On 15 May, the court ruled that it was rejecting an appeal by news giant Bloomberg in the case of an American businessman who had successfully sued following a report he was under investigation. As part of his claim, the chief executive, who the courts have said cannot be named, insisted he had the right to privacy while under investigation. The original hearing confirmed his claim and awarded him £25,000 in damages.
Now in their ruling, three Appeal Court judges have confirmed his right to anonymity, referring to the 2018 Cliff Richard case against the BBC where Mr Justice Mann ruled a person under investigation had a right to privacy.
In today’s ruling Lord Justice Simon stated: “I would take the opportunity to make clear that those who have simply come under suspicion by an organ of the state have, in general, a reasonable and objectively founded expectation of privacy in relation to that fact and an expressed basis for that suspicion.
“The suspicion may ultimately be shown to be well-founded or ill-founded, but until that point the law should recognise the human characteristic to assume the worst (that there is no smoke without fire); and to overlook the fundamental legal principle that those who are accused of an offence are deemed to be innocent until they are proven guilty.”
Reacting to the ruling, Society of Editors executive director Ian Murray said: “This judgement will do nothing to lift the fog of confusion in the media that surrounds whether a person under investigation by the police or any other state body should be granted anonymity until they are charged.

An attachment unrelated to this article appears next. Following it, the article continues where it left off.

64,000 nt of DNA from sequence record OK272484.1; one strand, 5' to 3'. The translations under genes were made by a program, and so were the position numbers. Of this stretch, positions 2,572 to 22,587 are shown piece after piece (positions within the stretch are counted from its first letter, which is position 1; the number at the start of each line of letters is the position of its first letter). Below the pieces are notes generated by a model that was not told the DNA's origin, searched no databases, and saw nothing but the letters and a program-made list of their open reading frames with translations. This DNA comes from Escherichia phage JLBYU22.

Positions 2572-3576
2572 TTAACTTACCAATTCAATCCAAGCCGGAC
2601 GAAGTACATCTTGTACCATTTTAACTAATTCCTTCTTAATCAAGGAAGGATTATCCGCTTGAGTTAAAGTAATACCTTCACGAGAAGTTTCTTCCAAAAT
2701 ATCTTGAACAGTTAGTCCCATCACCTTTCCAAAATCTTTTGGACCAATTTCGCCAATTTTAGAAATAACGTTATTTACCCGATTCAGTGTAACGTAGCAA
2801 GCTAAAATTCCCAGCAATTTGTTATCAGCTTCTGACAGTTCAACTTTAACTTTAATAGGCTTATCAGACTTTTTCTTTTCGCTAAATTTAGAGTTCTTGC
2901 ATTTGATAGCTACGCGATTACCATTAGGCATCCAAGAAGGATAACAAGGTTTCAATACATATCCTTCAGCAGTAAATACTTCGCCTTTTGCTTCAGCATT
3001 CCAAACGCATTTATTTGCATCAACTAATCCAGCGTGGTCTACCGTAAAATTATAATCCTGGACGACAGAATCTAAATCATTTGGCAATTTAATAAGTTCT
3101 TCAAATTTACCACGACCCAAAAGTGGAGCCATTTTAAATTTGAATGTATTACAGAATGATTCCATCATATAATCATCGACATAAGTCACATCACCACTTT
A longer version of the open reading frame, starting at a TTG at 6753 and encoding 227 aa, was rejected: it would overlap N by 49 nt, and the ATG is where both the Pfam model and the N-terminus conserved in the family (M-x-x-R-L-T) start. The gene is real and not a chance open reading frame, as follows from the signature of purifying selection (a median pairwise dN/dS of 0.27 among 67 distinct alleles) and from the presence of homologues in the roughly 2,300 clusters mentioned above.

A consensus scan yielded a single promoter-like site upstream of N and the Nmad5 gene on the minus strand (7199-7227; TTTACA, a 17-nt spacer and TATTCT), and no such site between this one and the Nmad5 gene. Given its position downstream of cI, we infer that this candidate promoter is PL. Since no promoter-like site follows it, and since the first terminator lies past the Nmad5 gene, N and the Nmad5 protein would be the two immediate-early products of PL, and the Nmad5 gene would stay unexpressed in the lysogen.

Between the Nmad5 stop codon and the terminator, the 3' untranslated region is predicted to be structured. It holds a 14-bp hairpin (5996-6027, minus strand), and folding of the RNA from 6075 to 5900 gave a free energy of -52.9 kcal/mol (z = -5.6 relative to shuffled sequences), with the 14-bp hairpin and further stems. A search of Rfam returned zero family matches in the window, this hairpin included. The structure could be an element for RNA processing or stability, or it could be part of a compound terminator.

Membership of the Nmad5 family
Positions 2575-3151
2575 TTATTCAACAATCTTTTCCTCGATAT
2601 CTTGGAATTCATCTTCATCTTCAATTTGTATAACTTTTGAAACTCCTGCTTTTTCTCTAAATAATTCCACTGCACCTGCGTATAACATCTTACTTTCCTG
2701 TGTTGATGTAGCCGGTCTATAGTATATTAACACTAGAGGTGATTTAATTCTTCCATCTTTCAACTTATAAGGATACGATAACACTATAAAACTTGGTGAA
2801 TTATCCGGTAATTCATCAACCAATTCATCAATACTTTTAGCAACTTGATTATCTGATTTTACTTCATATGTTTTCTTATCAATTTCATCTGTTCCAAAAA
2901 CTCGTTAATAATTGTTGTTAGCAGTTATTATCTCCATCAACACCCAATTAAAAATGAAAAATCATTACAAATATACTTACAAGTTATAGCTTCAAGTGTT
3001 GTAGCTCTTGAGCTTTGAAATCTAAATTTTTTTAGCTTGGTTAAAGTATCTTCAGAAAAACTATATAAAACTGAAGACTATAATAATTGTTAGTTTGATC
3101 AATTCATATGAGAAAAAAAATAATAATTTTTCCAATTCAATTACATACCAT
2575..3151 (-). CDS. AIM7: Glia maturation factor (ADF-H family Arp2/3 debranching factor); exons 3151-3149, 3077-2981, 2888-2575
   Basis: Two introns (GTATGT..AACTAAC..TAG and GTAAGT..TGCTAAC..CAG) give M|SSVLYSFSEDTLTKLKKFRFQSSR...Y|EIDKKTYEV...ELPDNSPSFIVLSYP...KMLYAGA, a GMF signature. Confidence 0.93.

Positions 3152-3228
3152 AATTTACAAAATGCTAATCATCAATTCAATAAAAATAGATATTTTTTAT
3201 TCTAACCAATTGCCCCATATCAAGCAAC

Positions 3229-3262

“The Cliff Richard ruling undoubtedly created a chilling effect on reporting such matters and this will continue.
“The Society of Editors would maintain that the public has a right to know if someone is under investigation and that shrouding inquiries in a cloud of secrecy only serves to create rumour and speculation.
“The risk is that the rich and powerful will use these rulings to hide from public gaze and to ensure witnesses and others who may be helpful to an investigation are unaware of events.
“We should resist also the injustice of the police being allowed to pick and choose which names of those under investigation are released which would only serve to taint them with the tag of apparent guilt.”
The ruling – to be found here – did however state: “The Court must not allow itself to be drawn into confining the important rights of the press under article 10 (European Convention on Human Rights), so that it ceases to be the public watchdog of freedoms in a democratic society and becomes the muzzled lapdog of private interests.”